YONCALLA — As soon as the van pulled in the driveway, people would come outside to greet Erin Helgren and Kelly Campbell.
Helgren, site liaison for Children’s Institute Early Works, and Campbell, student services coordinator for Yoncalla School District, have been making deliveries to families in the Yoncalla School District since the official start of the summer.
The deliveries include food, books and family activities.
When schools closed in March amid the coronavirus pandemic, Yoncalla was one of many school districts that came to students’ homes to deliver daily meals. However, it also became clear that the school district wouldn’t be able to continue that throughout the summer due to budget constraints.
The school district received several grants and donations that allowed it to continue to provide meals to families with children from birth to 18 years old twice a week. It partnered with a local nursery and Head Start program to get in contact with the youngest members in the community.
Yoncalla Public Library, which had been working with the school district to organize a summer literacy camp, is now utilizing the same delivery system to get materials to children.
“The partnership has been the difference to being able to reach as many children as I could,” Yoncalla Librarian Jill Cunningham said. “The silver lining for the coronavirus is that we’re reaching a lot more families. Especially those in the outlying areas.”
Cunningham said there are just over 100 preschool and elementary students signed up for the program and almost 40 teens. Each week children receive a book and an activity from the library.
Samantha Short said her kids look forward to the books and crafts.
“They love doing crafts,” Short said. “The packet with the wood kept them occupied all day.”
Ashley Singler said her family appreciates the food.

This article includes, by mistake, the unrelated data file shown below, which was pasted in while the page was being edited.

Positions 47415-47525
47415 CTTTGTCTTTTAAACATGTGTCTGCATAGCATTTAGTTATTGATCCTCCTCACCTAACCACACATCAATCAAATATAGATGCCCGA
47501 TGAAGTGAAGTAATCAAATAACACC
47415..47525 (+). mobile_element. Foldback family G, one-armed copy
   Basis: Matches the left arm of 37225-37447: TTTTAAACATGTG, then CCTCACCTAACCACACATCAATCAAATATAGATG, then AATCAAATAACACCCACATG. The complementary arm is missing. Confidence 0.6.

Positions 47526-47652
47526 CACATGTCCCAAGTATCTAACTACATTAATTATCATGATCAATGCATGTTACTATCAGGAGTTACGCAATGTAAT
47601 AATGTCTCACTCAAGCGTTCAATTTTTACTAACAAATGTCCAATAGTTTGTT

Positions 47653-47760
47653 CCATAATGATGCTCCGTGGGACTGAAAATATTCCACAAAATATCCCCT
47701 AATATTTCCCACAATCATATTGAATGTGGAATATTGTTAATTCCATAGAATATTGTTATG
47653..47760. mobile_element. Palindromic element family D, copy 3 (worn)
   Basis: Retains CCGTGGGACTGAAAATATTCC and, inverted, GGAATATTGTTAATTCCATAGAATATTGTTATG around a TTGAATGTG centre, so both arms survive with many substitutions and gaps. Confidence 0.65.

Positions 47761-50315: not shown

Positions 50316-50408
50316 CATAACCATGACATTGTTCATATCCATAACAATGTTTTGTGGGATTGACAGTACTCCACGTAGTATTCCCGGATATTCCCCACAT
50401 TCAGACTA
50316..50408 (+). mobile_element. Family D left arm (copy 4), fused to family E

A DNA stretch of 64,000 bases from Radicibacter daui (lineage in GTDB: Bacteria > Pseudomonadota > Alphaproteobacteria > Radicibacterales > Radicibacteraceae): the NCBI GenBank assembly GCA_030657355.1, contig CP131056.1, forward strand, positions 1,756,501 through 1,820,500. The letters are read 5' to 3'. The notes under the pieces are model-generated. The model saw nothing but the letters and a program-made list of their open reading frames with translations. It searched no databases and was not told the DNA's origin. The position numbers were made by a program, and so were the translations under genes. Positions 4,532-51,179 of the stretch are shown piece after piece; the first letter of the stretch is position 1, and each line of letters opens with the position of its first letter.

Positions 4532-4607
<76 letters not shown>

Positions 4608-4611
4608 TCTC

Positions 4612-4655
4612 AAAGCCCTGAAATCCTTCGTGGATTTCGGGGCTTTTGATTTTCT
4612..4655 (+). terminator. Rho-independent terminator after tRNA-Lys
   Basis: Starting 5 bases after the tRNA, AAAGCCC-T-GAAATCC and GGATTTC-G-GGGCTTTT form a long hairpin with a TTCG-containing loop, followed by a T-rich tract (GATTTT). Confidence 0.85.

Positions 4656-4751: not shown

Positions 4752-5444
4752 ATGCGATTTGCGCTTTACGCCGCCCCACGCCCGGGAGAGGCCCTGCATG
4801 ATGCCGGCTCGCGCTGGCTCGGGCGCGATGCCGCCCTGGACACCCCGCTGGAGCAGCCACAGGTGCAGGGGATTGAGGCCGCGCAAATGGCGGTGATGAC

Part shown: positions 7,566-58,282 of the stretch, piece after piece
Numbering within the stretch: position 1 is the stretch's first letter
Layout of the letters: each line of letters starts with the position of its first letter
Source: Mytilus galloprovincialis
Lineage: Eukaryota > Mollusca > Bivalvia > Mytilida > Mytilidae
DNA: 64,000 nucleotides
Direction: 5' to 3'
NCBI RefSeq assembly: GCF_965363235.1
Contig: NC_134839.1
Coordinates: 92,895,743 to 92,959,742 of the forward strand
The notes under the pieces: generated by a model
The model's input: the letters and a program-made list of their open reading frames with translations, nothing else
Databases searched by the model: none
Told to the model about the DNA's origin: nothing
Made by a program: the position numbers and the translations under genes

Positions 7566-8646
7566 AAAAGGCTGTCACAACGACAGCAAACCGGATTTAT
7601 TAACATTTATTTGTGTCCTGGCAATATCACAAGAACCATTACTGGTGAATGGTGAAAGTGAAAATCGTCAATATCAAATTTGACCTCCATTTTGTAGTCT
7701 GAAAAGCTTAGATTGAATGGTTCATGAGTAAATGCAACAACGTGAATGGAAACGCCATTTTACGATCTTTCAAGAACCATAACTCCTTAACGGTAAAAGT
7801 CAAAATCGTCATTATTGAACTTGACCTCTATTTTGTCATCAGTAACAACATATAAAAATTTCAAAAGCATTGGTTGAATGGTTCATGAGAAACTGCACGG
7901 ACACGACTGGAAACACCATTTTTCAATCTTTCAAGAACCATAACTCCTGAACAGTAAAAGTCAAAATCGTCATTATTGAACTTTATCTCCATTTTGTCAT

“The milk and juice help a lot,” Alexis Singler said. “And the snacks during the day.”
Short said her family enjoyed the snacks and a box that included everything to make pizzas at home.
Since the meals no longer arrive daily, the packets have changed a little.
“We’re not doing individual meals,” Yoncalla School District Superintendent Brian Berry said. “What we’re trying to do is teach families how to cook and how to prepare food.”
That means half gallons of milk, cartons of eggs, loaves of bread and jars of peanut butter are often part of the packets.
Inside the boxes are menus, so families can learn how to ration the food until the next delivery.
Helgren said a health and needs assessment of the area showed to 50% of families in the area struggle with food insecurity. The school district is also community eligible for free breakfast and lunches.
“As a parent and educator I can’t imagine not feeding a hungry child,” Helgren said. “To lift that burden is amazing.”
But the food and learning materials aren’t just for those struggling to put food on the table, the grant covers the entire community.
In addition to food, books and activities, Helgren said they’ll probably start distributing recipes, health information and school information. Families can also receive diapers, which were a donation by the Perinatal Task Force.
“From my social worker lens, families have been home since March. Many are isolated and have financial constraints, and some of those initial support are starting to run out,” Helgren said. “We’re here to support mental health and any other needs they have. It’s great to bring books and combat summer learning loss, but it’s probably even greater to check in with children and families.”
The community program employs 12 people this summer for about 10 hours a week.
“It serves a lot of people and they all seem grateful,” library board member Stephanie Thompson said. “The kids have had such a blast with it. A couple families sent videos of their activities to us.”
Each Tuesday and Friday, three vans packed with 15-20 boxes and two drivers leave Yoncalla Elementary School to make deliveries to families. One of the routes is about 60 miles long, the other two around 20.
“The social contact is as much for us as them,” Campbell said. “It’s great to say the kids.”